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James R. Stout

The Year Mr. Sparky Played Santa Claus

          It was December of 1958. I actually have some pretty clear memories of that Christmas despite being very young. I remember our house being decorated (Mom’s Gumdrop Christmas Tree comes to mind) and I remember knowing we were poor, but very happy. This particular Christmas was a very hard one for my parents. Dad was just back home from 2 years in the hospital following a nearly fatal car accident in February of 1956. He was crippled for life and at that point had to wear a horrible steel and leather brace on his right leg. He also had to use crutches for a few years to come. He would not be able to walk without the brace until 1961 following an operation, performed pro bono, by a surgeon who my mother’s boss knew and had asked to help.

          It was a time when working women didn’t make much money. I believe my mother made about $200 a month. Dad wasn’t able to work full-time yet and between the two of them they made about $400 a month. There were 5 mouths to feed, 5 bodies to clothe and keep warm, and money was a constant worry. As a very small child I didn’t know these specifics, but I certainly could feel the worry in my parent’s. And worry they did as Christmas approached and there was little they could spend on us. Any good parent wants to do for his/her children the best that they can and when their best is less than what they would like to do it hurts. I would learn this lesson myself 30 years later.

          A few blocks away from our house was a small grocery and five and dime store called “Sparky‘s“. Like most businesses in those days the owner worked there (known to everyone as Mr. Sparky) and in some cases lived in the back of the store. My Mother went into the store one day about 3 weeks before Christmas and asked Sparky if she could put some things on “lay-a-way” for Christmas. He said that would be no problem. Mom had a total of $15 that she could spend on Christmas for us. That was $5 a child. Even then, $5 didn’t go very far. So, she picked out a doll for each of my sisters along with some girl’s kinds of things like a brush and comb set and she picked out a cap gun (gasp!) and holster for me and so forth.

          That year Christmas fell on a Thursday. In those days EVERYBODY who worked was expected to work Christmas Eve. Earlier in the week Mom went to Sparky’s and told him she was ready to get the things she had put on lay-a-way. She had all three of us with her and not wanting us to see the presents she asked Mr. Sparky if he would watch us kids while she sneaked the presents into the trunk of the car outside. Mr. Sparky suggested that since it was cold out that if she would just give him her car keys he would load the presents in the trunk while Mom distracted us somewhere else in the store. Mom wasn’t about to argue with that suggestion! A few minutes later Mr. Sparky let Mom know the car was loaded and so she paid him, and we left. Knowing that it would be after we went to bed on Christmas Eve before she could get the presents under the tree Mom decided to just leave the presents in the trunk of the car. That way none of us would get a glimpse of what was to come down the chimney in Santa’s bag.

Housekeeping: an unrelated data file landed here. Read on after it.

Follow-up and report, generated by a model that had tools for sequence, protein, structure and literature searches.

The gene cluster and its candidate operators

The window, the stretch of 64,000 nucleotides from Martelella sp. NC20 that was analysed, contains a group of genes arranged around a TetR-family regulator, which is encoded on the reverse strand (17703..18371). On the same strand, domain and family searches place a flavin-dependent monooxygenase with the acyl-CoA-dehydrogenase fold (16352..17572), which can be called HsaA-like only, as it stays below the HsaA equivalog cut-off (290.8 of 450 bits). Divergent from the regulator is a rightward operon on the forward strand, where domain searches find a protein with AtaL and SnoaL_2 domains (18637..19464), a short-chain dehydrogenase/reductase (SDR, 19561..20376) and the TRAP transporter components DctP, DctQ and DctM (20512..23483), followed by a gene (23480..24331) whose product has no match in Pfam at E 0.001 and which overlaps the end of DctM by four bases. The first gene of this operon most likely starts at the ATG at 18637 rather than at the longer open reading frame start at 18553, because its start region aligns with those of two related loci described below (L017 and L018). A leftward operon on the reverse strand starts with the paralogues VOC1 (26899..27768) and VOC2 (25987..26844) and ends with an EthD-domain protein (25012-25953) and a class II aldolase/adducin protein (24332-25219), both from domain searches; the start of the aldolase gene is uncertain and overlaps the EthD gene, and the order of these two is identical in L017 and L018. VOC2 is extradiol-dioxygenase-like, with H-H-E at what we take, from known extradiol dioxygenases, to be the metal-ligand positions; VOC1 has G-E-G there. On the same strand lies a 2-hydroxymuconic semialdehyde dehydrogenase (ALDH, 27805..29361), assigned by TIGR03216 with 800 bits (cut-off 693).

Finally, on Christmas Eve Mom got us off to bed (with much giggling and laughter at the delight that Christmas brings to little children). When we were all sleeping soundly Mom went out to the 1951 Dodge (a beast of car it was) and opened the trunk. She immediately started to cry and went to the door and asked my Dad to come to the door. Through tears Mom told Dad that there was quite literally a trunk full of toys in the car for the children! It seems as though Mr. Sparky was Santa that year.

          Yes, I remember the cap gun and holster (Roy Roger’s would have been proud) and there was a magnificently huge green dump truck that I played with for years. It ended up at my grandparent’s house and every time I would come to spend a week with Grandma and Grandpa my Grandpa would get a trailer load of dirt (he would harvest it himself from the “John Russell Flats” near the farm) and that dump truck was the most used dump truck of all time!

          I didn’t know about this story for many years. After all, it was “Santa” that brought the presents. Years later when I heard about it from Mom she told it and still had mist in her eyes with the telling. The one thing about the story that I think touched my Mom, and me for that matter, was the fact that Mr. Sparky was Jewish. So many times, in those days negative things were said about someone if they were Jewish. It was a stupid prejudice, like most prejudices, and one that I personally will not tolerate. Forty years ago, I met someone who became a lifelong friend who happens to be Jewish. It didn’t matter then, and it doesn’t matter now. I am a Christian and while we do not agree on our faith, I know that this friend is a good and decent man who I am honored to know as a friend. And so, Mr. Sparky too was a good and loving man who definitely knew the meaning of “Christmas spirit.”

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